Pathways to Housing plans to double in size in 2017, moving to at least 30 housing units. The Salvation Army will be adding another full-time case manager to assist as more clients are enlisted and moved into their own apartments. It is projected that 2017 will yield savings of $778,855.

Here’s how Pathways works: Potential participants are initially identified by Amerigroup as high utilizers of emergency services. Amerigroup sends a list of these individuals directly to JPS, which matches these individuals to their records designating them as “possibly homeless.” A new list is created and forwarded to The Salvation Army to begin outreach and the process of establishing housing eligibility through the Coordinated Assessment process that prioritizes individuals based on their Vulnerability Index, operated by Tarrant County Homeless Coalition.

The Salvation Army then makes initial contact with potential participants to explain the program and discuss housing options. A Salvation Army case manager provides each person with the direction and guidance needed to create an individualized care plan and to achieve their personal goals, including assisting them in meeting the obligations of being an apartment tenant. The case manager works with local apartment managers to find apartments for program participants, with rents paid by a multi-year grant secured specifically for Pathways to Housing.

The Salvation Army case manager makes multiple contacts with each participant on a weekly basis both before and after they are placed into housing. Assistance provided by the case manager may include help with landlord issues, providing basic needs such as food and hygiene items, and making referrals to community agencies and resources.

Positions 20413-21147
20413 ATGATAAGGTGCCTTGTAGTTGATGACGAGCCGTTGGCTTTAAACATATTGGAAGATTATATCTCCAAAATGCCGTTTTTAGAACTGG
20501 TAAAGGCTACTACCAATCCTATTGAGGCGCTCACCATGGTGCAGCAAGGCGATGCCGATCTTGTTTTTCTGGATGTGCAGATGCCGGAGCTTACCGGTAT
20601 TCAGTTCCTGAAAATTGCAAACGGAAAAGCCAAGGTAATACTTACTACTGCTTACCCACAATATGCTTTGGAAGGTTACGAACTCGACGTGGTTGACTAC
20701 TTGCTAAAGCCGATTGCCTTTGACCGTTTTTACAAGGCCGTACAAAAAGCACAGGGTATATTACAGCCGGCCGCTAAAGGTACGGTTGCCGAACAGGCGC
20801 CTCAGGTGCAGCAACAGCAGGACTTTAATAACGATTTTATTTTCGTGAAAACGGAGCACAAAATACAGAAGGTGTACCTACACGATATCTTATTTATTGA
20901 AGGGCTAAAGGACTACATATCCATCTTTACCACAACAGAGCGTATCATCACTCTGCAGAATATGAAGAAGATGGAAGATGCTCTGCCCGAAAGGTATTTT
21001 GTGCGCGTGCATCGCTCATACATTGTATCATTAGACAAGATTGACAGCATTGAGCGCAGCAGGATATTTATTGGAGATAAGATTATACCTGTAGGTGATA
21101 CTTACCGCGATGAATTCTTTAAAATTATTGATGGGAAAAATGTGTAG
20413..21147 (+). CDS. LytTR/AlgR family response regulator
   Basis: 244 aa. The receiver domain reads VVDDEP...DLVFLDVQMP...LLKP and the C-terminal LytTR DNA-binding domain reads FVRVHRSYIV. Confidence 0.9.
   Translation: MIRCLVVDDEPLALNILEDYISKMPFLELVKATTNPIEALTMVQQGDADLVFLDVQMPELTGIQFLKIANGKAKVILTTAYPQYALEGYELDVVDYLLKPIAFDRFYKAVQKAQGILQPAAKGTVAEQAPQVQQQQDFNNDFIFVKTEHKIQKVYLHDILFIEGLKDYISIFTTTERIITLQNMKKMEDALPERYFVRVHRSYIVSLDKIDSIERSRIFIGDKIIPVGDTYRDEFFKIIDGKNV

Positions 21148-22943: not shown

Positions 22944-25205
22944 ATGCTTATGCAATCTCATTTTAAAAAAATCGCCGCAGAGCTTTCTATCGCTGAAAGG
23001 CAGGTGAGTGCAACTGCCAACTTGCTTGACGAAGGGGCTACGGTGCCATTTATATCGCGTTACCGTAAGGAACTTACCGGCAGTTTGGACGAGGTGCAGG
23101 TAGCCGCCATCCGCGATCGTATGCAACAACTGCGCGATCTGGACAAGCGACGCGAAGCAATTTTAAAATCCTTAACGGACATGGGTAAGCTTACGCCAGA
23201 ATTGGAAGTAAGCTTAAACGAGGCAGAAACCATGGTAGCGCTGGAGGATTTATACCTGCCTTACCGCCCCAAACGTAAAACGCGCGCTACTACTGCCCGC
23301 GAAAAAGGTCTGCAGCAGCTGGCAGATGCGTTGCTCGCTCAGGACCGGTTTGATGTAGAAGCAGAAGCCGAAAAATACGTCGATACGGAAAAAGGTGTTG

After the individuals move into their apartments, The JPS Care Connections Team – which has traditionally provided healthcare on the streets of Fort Worth as a bridge between homeless individuals and the hospital – provides healthcare services within the participants’ homes. The JPS clinical case manager is responsible for initial assessments that measure each participant’s current health condition along with learning about their health history. Assessments include a patient health questionnaire, a cognitive screening, an early childhood trauma screening and a post-traumatic stress disorder (PTSD) survey. The JPS Care Connections Team also works closely with each individual to establish a healthy home in the community where they have obtained housing. Ongoing services include health assessments, medical referrals and help setting medical appointments.

Amerigroup then provides behavioral health case management via phone to individuals enrolled in Medicaid through Amerigroup. The behavioral health case manager answers questions regarding eligible services as well as makes needed referrals in the community. In year one of the program, the behavioral health case manager made 219 calls.

One example of Pathways’ success is James, 58, a Mississippi native who has lived in Fort Worth for 20 years, many of them without shelter since losing his job metal-plating for a defense contractor. Worsening chronic obstructive pulmonary disease (COPD) and other health problems caused him to be admitted to the ER at JPS more than 50 times in 12 months, making him a candidate for Pathways to Housing. James now lives in a small apartment near bus routes he can use to keep medical appointments, rather than requiring weekly home visits by practitioners from the JPS Care Connections program.

Year one of this project has further demonstrated that addressing basic socio-economic factors such as housing can positively impact a person’s health. Stable housing provides an opportunity for individuals to get away from continually living in crisis conditions and patterns of crisis thinking and behaviors. It also allows them to have a safe environment to learn and practice healthy choices and to access appropriate health interventions, coaching and education. Pathways to Housing plans to provide this intervention to more individuals, lowering costs and reducing the number of chronically homeless individuals living in Tarrant County.